Together we are going to change the world!

This comment was made by Jane Hodges, Director of the Gender, Equality and Diversity Branch of the ILO, at the inauguration ceremony of Gender Academy on 11 November

She also mentioned the five important keys for success in gender equality: political commitment, policy, plans to implement, products and people. These are the change agents needed to allow women to enjoy an equal voice.

Welcoming more than 170 participants from over 70 countries, Patricia O’Donovan, Centre Director, invited them to transform this unique learning opportunity into a platform for discussion on gender issues, an exchange of successful experiences and to establish successful networks for the further dissemination of effective practices, and to support a more strategic vision and approach.

The Director of the Coordination Division of UN Women, Mr Moez Doraid, hopes that the Academy will be instrumental in the attainment of the ultimate goal of defending human rights and development, through the improvement of the lives of women and girls.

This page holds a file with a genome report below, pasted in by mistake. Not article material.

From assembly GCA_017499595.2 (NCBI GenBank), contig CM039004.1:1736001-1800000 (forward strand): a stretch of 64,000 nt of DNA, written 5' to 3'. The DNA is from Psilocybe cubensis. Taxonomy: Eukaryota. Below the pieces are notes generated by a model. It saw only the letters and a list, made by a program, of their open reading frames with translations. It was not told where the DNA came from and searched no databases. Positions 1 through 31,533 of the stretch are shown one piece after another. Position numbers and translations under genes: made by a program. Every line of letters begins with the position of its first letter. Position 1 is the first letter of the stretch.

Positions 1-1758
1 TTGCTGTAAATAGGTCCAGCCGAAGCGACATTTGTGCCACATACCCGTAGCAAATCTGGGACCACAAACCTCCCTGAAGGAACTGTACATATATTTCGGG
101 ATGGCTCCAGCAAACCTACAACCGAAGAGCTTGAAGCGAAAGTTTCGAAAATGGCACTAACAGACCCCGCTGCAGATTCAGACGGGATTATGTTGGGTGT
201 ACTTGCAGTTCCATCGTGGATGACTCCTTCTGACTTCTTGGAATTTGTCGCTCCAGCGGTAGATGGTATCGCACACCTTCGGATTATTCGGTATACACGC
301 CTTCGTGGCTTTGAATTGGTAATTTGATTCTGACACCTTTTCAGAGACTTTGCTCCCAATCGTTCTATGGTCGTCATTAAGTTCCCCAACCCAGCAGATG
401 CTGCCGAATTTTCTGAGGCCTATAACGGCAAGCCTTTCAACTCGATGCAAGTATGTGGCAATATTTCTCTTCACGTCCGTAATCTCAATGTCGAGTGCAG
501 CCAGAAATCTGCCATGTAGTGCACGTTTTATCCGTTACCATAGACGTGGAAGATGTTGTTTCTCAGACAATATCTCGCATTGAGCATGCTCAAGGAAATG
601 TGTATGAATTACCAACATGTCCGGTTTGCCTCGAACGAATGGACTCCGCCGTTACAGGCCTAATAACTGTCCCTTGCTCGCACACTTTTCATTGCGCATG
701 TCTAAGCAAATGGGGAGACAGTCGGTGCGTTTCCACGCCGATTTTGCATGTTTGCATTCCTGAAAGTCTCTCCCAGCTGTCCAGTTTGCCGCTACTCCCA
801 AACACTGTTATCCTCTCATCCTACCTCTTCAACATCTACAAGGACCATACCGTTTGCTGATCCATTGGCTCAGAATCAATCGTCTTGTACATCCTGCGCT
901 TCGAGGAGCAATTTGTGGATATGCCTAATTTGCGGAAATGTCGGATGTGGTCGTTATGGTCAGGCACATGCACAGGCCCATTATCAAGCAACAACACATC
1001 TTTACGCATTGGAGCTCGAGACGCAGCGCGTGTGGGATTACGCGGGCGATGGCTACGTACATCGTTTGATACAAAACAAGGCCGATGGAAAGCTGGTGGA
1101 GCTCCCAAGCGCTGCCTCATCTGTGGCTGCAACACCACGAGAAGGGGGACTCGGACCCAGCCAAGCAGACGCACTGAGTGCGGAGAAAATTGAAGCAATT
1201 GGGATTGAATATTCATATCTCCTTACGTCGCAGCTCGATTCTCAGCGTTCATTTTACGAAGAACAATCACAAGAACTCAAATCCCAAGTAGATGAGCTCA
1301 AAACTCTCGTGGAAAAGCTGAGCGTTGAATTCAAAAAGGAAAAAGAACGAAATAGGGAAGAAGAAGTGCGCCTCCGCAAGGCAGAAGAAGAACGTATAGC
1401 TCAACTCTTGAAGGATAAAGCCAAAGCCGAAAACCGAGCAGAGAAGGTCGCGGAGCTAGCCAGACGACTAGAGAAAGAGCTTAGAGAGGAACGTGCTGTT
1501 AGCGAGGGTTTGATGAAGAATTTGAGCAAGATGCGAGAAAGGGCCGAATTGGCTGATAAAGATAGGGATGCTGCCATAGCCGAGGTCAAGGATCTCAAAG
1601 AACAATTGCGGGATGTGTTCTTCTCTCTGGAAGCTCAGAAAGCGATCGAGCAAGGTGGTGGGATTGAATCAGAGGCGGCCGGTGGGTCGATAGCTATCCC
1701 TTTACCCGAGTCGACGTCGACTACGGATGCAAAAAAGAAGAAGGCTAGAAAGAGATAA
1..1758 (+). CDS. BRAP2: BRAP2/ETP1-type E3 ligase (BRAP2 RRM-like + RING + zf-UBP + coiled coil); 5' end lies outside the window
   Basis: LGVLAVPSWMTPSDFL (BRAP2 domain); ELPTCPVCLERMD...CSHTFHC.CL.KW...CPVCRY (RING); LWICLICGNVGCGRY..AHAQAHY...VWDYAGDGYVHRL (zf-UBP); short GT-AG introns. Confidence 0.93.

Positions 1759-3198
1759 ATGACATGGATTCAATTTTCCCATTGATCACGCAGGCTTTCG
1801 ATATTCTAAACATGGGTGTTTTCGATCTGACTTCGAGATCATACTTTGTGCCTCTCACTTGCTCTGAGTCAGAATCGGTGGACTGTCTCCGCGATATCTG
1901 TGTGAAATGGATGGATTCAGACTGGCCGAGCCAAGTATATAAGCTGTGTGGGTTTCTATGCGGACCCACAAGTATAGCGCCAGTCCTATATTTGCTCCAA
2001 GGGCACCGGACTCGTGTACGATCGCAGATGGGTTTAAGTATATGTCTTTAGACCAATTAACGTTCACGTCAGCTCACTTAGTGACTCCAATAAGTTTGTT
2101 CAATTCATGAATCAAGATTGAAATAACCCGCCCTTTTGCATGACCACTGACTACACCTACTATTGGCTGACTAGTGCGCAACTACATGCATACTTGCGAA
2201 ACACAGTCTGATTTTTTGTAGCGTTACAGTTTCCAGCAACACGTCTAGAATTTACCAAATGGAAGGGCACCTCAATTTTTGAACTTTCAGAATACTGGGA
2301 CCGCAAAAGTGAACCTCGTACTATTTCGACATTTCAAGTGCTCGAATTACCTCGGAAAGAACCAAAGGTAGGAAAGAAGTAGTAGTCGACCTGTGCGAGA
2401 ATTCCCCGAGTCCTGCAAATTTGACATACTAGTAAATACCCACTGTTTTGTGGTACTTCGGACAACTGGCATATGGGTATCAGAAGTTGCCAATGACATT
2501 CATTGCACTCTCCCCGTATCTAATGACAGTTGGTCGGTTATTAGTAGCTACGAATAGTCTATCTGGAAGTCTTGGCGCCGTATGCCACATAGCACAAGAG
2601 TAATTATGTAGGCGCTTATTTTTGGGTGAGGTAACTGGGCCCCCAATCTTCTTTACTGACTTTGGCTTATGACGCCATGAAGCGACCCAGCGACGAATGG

Clemencia Muñoz Tamayo, Director of the UN Women Training Centre, said that training is fundamental for gender equality and the empowerment of women. The collaboration with the Turin Centre will support discussion and reflection on current trends in training and capacity development for gender equality. The Academy will be useful for the collection and dissemination of good practices, opportunities and resources for training on gender equality at the global level.

Victoria Marina Velásquez de Avilés, Chairperson of the ILO’s Governing Body and Ambassador and Permanent Representative of El Salvador to the United Nations Office in Geneva, said that there is an urgent need to create a more inclusive workplace and that international organizations like the ILO have played and can play a role of primary importance, through their treaties and conferences focused on gender issues, and the proposal and adoption of conventions, recommendations and standards that bind states. “We should have respect for the rights of both men and women, and give them all opportunities to enter any trade or profession regardless of gender, and the same access to education, health, property, credit, technology.

“The equality that we claim”, she continued, “plays a pivotal role in creating economic growth and poverty reduction. We are a force for development and for change: our struggle is now for the full establishment of decent work in our societies.

“If we do not succeed, and we encounter inequalities and exclusion in the world of work, many years will pass and we will continue to suffer the cost of being women.”

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